Avoidable Hospital Infections

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Avoidable Hospital Infections

Guest Opportunity: Ty and Carole Moss – Preventative Hospital Solutions Crusaders and Founders of “Nile’s Project”

A set of 14 hospital-acquired conditions that the CMS considers avoidable accounted for 48,771 adverse patient outcomes, 3,219 deaths and more than $2 billion in excess hospital costs in 2016, according to a new research brief.

Patients experiencing these hospital-acquired conditions (HACs) were in the hospital about 8 days longer on average than other patients, with an average excess hospital cost of $41,917and their increased mortality risk was 72.3%.

How can we eliminate unnecessary deaths from MRSA, VRE, Staph and other preventable hospital acquired infections. You and your family deserve clean, safe care. Ask for it. Here are some steps……

Ask that hospital staff clean their hands before treating you and ask visitors to clean their hands.
Before your doctor uses a stethoscope ask that the diaphragm (the flat surface) be wiped with alcohol.
If you need a “central line” catheter, ask your doctor about the benefits of one that is antibiotic-impregnated or antiseptic-coated to reduce infections.
If you need surgery, choose a surgeon with a low infection rate.
Ask your doctor about keeping you warm during surgery.
These are just a few of the steps needed to stay clean. Ty and Carole Moss have been leaders in the awareness charge when it comes to hospital cleanliness and can elaborate on the rest of the steps for you or a loved one to stay clean!

Ty and Carole Moss can use their experience with the unfortunate death of their 15 year old to elaborate on the need to act fast, early identification, appropriate rapid treatment and preventative solutions they have learned by their scientific and expert partners at the CDC (The CDC Centers For Disease Control and Prevention). The Moss’s include lifesaving information the CDC recently launched their national Get Ahead of Sepsis “know the signs act fast” campaign and offer their take on “Nile’s Project” as it gives back to the community. For the last several years the Moss family has been engaged in making healthcare safer from a local, state and federal level. They have identified many critical areas of healthcare, policy, prevention, and awareness that cost the life of their son. They are eager to share their findings along with solutions that can prove to be lifesaving.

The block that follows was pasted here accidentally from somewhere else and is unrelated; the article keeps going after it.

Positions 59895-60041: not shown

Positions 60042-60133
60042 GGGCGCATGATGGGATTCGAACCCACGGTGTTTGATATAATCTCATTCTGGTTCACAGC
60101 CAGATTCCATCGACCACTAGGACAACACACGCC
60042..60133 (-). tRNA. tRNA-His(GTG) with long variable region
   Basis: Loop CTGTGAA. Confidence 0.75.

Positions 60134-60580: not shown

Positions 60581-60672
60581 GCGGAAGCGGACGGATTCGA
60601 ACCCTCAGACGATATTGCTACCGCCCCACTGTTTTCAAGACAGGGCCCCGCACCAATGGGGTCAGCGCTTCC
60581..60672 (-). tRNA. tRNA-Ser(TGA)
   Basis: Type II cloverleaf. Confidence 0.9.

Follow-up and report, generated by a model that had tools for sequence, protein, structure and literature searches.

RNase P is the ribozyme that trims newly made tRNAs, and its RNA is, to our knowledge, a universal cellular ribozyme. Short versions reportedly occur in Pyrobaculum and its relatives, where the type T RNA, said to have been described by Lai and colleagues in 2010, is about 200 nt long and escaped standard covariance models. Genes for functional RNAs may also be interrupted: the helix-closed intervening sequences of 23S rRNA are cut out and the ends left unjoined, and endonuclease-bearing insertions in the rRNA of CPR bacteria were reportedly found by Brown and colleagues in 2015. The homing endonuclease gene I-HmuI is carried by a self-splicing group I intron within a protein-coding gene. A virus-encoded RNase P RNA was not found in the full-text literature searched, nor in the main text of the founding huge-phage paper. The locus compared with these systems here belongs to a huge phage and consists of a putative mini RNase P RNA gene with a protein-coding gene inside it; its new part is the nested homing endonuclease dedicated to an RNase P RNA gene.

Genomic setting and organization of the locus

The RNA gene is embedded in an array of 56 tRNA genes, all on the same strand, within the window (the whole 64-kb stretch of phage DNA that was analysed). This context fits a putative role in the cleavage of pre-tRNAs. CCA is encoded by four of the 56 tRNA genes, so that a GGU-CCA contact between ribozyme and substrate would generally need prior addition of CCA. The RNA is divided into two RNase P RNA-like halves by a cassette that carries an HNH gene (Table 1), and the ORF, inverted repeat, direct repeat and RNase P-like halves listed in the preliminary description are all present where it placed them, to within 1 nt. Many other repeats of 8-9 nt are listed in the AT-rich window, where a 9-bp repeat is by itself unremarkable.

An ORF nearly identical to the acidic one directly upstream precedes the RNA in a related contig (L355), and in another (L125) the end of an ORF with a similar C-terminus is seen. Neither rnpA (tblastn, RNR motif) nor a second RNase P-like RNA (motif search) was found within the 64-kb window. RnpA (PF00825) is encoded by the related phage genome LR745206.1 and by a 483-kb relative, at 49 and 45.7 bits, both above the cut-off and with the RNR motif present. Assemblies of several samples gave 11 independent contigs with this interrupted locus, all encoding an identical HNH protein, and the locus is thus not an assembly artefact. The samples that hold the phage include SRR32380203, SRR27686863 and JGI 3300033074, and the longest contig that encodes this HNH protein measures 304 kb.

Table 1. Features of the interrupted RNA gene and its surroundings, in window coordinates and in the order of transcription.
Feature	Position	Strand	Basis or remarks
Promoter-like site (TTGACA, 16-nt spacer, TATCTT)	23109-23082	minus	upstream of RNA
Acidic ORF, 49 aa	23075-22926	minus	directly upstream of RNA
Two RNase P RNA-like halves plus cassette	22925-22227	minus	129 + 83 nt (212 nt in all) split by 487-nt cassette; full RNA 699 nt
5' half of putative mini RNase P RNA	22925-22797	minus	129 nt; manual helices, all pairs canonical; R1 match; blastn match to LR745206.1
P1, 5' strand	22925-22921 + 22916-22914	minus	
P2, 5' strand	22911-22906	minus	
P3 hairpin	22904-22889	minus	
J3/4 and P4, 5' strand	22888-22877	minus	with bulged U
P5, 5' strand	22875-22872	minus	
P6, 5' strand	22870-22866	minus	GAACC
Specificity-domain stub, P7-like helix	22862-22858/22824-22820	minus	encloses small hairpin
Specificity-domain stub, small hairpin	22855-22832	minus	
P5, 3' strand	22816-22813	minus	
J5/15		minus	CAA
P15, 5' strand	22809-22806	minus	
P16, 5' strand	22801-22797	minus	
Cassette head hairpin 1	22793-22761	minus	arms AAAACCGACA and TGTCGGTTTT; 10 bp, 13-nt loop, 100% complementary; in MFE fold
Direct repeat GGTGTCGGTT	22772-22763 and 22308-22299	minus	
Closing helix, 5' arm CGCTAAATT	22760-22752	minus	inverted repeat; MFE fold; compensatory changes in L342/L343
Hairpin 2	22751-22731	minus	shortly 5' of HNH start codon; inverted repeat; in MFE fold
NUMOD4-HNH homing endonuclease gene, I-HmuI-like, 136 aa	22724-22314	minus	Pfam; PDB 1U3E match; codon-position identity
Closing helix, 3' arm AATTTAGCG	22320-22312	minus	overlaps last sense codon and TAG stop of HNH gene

Meet Ty and Carole Moss:

Ty Moss is an American Musician, Song Writer Music Producer with 26 songs distributed nationally. You hear his music performed by international artists you can even down load his big hit with Carlos Santana’s Everybody’s Everything as a ringtone on your iPhone at theApp. store or Google Play.

For more than 30 years Ty has been an active voting member for NARAS National Academy of Recording Arts and Sciences as a voting member for the Grammy’s making sure to use this platform to fight for artists rights for fare pay and compensation reform meeting with lawmakers in various states including Washington DC. In addition to his work in music Ty retired from his 29 year career at Sprint as global account manager empowering his clients like Kinko’s, Nestle and Taco Bell prior to his Patient Safety Leadership career as CEO of Nile’s Project.

Carole Moss Built unique technology solutions from the ground up that solved business, government and humanitarian problems for more than 20 years as strategic alliance principal at Sprint, Centurylink/Qwest, Dell, AirWatch and Computer Sciences Corp before leading the Patient Safety Healthcare policy, education and awareness efforts at Nile’s Project.

Ty and Carole Moss are on a mission to improve patient outcomes and make healthcare safe by sharing one personal healthcare story at a time. For 11 years Ty and Carole have taken their responsibility as patient safety leaders very seriously after learning their son Nile Calvin Moss’s life ended at 15 due to hospitals failure to follow proven best practices including health care professionals not taking his signs of sepsis seriously, a delay that ended his life.

In memory of Nile the Mosses established Nile’s Project a patient safety, public health awareness organization 501C3 educating the public through concerts, speaking venues and drive-time radio. Nile’s Project partners with the public, consumer groups federal and state agencies to improve health policy that improves patient outcomes and saves lives.

For more information visit: www.nilesproject.com

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